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Tuesday, 27 May 2014 12:01

The Loyola University Museum of Art in Chicago is Currently Hosting a Two-in-One Edward Gorey Exhibit

Edward Gorey. Edward Gorey.

At first blush, Edward Gorey's popularity might seem something of a puzzle. The prolific author and artist reveled in hermetic scenes of stiff, upper-crust figures in quasi-Edwardian garb and sometimes eyebrow-raising story lines about childhood calamities and grisly murders.

But what might have been limitations to his works turned out to be their very strengths, because of the originality of his vision, his comfortable embrace of absurdity and—perhaps most important—his wonderful, quirky sense of humor.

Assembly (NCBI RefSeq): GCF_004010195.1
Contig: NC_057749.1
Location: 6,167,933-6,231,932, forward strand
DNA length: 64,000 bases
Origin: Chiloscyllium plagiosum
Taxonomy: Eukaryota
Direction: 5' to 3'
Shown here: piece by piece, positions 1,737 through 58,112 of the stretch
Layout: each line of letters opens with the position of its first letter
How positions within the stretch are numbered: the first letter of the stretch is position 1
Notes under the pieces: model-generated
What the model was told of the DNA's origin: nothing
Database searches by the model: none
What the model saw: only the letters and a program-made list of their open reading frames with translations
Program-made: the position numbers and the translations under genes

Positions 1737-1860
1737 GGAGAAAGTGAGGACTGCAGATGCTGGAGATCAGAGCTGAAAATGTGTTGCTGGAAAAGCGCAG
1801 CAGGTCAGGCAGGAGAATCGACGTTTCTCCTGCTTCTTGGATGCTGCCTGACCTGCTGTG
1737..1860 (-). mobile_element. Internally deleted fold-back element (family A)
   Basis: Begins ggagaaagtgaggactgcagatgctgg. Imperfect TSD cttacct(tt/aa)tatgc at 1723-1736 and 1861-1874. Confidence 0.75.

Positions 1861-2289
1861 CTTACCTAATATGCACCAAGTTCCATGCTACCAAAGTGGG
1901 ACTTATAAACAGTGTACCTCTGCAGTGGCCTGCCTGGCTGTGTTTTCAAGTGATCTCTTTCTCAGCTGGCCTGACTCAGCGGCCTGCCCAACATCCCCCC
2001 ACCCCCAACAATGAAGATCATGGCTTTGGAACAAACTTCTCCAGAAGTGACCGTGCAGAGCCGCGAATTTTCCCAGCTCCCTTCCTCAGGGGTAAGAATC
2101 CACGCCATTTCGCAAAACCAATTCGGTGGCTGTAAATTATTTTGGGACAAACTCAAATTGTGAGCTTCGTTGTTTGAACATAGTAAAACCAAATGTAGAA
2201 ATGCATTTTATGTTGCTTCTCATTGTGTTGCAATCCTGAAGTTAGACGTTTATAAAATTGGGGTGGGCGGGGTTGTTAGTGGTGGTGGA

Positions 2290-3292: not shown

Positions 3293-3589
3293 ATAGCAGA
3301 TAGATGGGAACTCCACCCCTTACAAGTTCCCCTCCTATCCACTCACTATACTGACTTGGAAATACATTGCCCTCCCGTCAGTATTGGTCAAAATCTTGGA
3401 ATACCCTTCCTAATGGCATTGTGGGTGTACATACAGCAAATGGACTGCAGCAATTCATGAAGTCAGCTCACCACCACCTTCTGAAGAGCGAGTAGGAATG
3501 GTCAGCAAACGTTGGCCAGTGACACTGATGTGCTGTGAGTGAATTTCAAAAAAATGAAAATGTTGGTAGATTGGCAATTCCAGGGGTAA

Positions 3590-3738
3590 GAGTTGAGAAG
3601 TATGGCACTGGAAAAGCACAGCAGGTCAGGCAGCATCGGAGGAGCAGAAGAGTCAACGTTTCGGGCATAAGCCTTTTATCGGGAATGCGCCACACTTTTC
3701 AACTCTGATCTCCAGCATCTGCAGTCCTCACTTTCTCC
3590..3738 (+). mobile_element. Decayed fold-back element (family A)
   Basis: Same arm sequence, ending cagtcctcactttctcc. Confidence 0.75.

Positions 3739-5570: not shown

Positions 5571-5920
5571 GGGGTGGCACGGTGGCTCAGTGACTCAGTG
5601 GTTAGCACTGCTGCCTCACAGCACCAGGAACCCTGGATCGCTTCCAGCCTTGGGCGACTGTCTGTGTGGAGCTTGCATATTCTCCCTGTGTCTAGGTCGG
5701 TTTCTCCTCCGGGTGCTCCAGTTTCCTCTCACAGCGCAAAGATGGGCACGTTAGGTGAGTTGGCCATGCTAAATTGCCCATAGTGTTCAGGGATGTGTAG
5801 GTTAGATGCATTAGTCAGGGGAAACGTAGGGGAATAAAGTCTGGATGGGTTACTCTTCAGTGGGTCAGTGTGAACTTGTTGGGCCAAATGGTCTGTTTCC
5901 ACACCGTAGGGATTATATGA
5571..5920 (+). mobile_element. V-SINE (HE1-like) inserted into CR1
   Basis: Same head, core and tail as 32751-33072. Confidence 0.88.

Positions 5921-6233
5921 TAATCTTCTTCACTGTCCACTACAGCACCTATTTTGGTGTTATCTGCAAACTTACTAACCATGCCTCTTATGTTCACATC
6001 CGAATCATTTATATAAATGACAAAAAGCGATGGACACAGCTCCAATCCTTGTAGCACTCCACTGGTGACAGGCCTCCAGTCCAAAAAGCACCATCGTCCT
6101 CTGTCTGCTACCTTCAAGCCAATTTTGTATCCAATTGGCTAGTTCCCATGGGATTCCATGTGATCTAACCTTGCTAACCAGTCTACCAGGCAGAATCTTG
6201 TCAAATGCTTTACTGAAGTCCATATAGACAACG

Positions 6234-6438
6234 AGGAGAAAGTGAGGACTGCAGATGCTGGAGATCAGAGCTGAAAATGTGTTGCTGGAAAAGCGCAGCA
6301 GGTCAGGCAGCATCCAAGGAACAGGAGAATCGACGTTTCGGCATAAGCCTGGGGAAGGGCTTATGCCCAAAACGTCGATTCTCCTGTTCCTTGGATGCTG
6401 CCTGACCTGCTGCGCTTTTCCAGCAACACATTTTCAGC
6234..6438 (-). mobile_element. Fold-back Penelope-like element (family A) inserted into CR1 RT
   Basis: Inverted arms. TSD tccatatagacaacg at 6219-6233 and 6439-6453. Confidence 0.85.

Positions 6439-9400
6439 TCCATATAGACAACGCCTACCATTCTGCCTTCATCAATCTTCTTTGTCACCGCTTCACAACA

Who else could create an A-to-Z book about varied disasters befalling children and make it seem charming? Yet he does just that in "The Gashlycrumb Tinies; or, After the Outing" (1963), through his clever, darkly witty turns of phrase and the appealing ridiculousness of the whole thing.

A pair of exhibitions now at the Loyola University Museum of Art—the first ever of this scope in Chicago—offers an exhaustive, fascinating look at this endearing master of the gently spooky or what he called the "mildly unsettling."

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